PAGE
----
The subprime mortgage industry may be going through hard times but the paper industry and those who invest in broadband capacity are probably laughing all the way to the bank.

There must have been billions of words of explanation, excuses, suggestions, demands, and sheer propaganda spoken and written over the last several months and especially the last few weeks about the subprime market and its problems which are variously described by the speakers and writers as a crisis, a minor blip, a pending catastrophe, or a small price to pay for half a decade of skyrocketing home ownership.

And the latter theory has ignited a firestorm of its own in the last few days as the Mortgage Bankers Association, mortgage lenders, and even the Federal Reserve have made comments about the net increase in home ownership while consumer organizations and advocates have railed that it just isn't true.



Other skirmishes have erupted over who should be regulating the subprime market or making decisions about underwriting guidelines and the wisdom of regulation at all.

Hard to know where to begin.

But Congress has been holding multiple hearings on the crisis, blip, or whatever it is and some interesting points have been made. Herein a sampling of a few things that have been said.

Senator Christopher Dodd, (D-CT) held a hearing of the Senate Committee on Banking, Housing, and Urban Affairs where testimony was heard from witnesses representing federal banking regulators (Federal Deposit Insurance Corporation, Office of Thrift Supervision, etc.,) state regulators, lenders, consumer advocates, and individual consumers.

The Senator expressed his determination to introduce legislation to attack the problem of predatory lending and finally to deal with the millions of homeowners who may ultimately face foreclosure. Dodd said that the solution to the latter may not be legislative; that regulators, investors, GSE's and consumer advocates should come together to work out efficient procedures for providing relief to homeowners. "One thing I know for sure - we cannot simply sit back and watch as up to 2.2 million families lose their homes and, with them, their financial futures."

The Senator has elsewhere talked about legislation that would perhaps mandate longer timelines for the foreclosure process.

Sandy Samuels, representing Countrywide Financial Corporation, presented some interesting statistics about Countrywide's huge share of the subprime market:

Historically 80 percent of subprime borrowers, he said, refinance within 36 months of taking their loan and this number is approximately the same as for prime rate borrowers. Of those subprime borrowers who refinanced with Countrywide, half were able to transition (upon refinancing) into prime mortgage products and another 25 percent were able to secure fixed-rate, albeit still subprime products. During the term of their original financing, these borrowers moved their credit scores upwards about 50 points and obtained often significantly lower interest rates as a result.

During the recent period Countrywide has seen an increasing reliance on hybrid ARMS used for home purchases; in the fourth quarter of last year nearly half of subprime hybrid loans were for purchases and 70 percent of those went to first time buyers.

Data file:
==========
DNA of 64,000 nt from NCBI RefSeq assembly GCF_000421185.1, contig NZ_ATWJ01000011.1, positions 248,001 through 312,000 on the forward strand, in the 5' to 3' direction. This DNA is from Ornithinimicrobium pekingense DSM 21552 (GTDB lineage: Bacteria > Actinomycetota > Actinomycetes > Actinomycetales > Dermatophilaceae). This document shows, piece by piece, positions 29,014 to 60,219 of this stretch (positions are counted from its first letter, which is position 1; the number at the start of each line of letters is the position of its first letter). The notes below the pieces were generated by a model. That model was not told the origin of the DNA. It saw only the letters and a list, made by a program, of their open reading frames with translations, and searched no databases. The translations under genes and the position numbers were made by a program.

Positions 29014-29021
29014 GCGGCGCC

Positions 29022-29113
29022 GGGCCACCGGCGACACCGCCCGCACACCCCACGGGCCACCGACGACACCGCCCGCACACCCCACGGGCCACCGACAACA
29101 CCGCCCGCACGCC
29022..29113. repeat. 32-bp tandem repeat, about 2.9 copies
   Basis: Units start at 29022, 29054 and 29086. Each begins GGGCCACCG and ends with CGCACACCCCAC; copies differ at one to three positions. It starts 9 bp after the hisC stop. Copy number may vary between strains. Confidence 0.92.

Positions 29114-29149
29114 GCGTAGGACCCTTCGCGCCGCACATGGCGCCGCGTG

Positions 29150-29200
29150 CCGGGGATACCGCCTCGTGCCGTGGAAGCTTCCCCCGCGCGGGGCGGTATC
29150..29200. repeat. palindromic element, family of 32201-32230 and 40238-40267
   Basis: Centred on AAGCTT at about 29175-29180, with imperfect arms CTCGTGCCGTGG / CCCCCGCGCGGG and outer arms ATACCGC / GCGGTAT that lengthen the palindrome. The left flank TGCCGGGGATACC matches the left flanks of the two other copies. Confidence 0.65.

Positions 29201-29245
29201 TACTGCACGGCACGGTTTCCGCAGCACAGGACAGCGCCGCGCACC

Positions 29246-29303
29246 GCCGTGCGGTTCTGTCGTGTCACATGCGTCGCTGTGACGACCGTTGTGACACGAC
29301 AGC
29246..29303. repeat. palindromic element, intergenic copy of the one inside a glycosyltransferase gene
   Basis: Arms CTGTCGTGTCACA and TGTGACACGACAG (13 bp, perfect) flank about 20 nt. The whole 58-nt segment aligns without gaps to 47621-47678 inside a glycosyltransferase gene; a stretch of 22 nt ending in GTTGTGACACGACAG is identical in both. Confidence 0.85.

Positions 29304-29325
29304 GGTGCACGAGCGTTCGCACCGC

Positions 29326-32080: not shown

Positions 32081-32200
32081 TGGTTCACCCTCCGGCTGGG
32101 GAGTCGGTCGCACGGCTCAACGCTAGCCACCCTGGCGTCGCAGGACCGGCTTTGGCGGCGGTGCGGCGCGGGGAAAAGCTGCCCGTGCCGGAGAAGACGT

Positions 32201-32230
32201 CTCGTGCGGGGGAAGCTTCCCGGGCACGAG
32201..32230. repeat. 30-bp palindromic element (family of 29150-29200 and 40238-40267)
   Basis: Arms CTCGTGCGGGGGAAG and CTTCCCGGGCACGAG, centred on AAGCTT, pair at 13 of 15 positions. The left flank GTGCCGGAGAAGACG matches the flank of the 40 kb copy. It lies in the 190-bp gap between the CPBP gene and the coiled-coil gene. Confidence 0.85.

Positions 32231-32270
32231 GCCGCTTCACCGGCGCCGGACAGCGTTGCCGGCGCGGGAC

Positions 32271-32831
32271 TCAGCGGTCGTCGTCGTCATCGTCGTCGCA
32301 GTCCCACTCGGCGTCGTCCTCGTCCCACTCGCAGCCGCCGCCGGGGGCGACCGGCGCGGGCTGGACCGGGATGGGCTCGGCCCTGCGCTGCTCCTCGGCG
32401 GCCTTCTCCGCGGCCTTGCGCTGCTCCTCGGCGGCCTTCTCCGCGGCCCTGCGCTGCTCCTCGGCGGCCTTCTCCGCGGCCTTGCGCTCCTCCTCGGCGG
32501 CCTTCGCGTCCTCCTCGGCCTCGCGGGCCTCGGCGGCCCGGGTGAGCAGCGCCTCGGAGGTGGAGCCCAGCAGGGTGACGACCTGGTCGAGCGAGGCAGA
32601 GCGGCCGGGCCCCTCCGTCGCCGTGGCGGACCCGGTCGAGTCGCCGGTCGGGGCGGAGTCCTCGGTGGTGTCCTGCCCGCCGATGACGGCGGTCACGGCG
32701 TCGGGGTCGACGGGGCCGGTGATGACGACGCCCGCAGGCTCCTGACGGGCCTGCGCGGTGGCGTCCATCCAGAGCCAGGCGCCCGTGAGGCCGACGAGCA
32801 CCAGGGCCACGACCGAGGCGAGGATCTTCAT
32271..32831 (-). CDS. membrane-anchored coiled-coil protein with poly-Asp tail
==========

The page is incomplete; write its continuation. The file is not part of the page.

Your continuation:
Samuels said in his company's experience the subprime hybrids are a valuable tool and that, over the last 10 years Countrywide had originated over $100 billion in such loans with only 3.4 percent resulting in foreclosure. The worst year was 2000 during which the foreclosure rate was 9.89 percent and the company expects that 2006 originations might again approach that level but "we cannot lose sight of the reality that more than 90 percent of Countrywide's subprime borrowers will not lose their homes... and will have had the opportunity to enjoy the benefits of homeownership."

On the House side, the Subcommittee on Financial Institutions and Consumer Credit held a hearing on March 27. Panelists again included the usual suspects, regulators, consumer advocacy groups and representatives of the National Association of Mortgage Brokers and the Mortgage Bankers Association. The one surprise panelist was a representative from the conservative think-tank American Enterprise Institute who, in the midst of a sort of blame the victim presentation suggested that loan originators should maintain a vested interest in the loans they write. In other words, the mortgage company or broker should not be allowed to write a loan of significant risk and then transfer all of that risk to an investor.

All of this testimony is ultimately predictable although new figures and unique ideas do come through. Overall it is filtered through special interests, self protection, and corporate/government/policy agendas. The same is true of the two significant controversies referenced above that have emerged from all of this writing and speechifying. The first is another round in the debate between the Conference of State Banking Regulators and the National Association of Mortgage Brokers centering on CSBR's new national registry. The second is what appears to be an escalating (and ultimately probably futile empty barn/open door) argument between the mortgage lending industry (with a few regulators on their side) and consumer advocates over whether the relaxed lending guidelines over the last few years really contributed to a net gain in homeownership. We will examine these debates and a recent editorial in The Nation regarding the role of campaign contributions in this mess.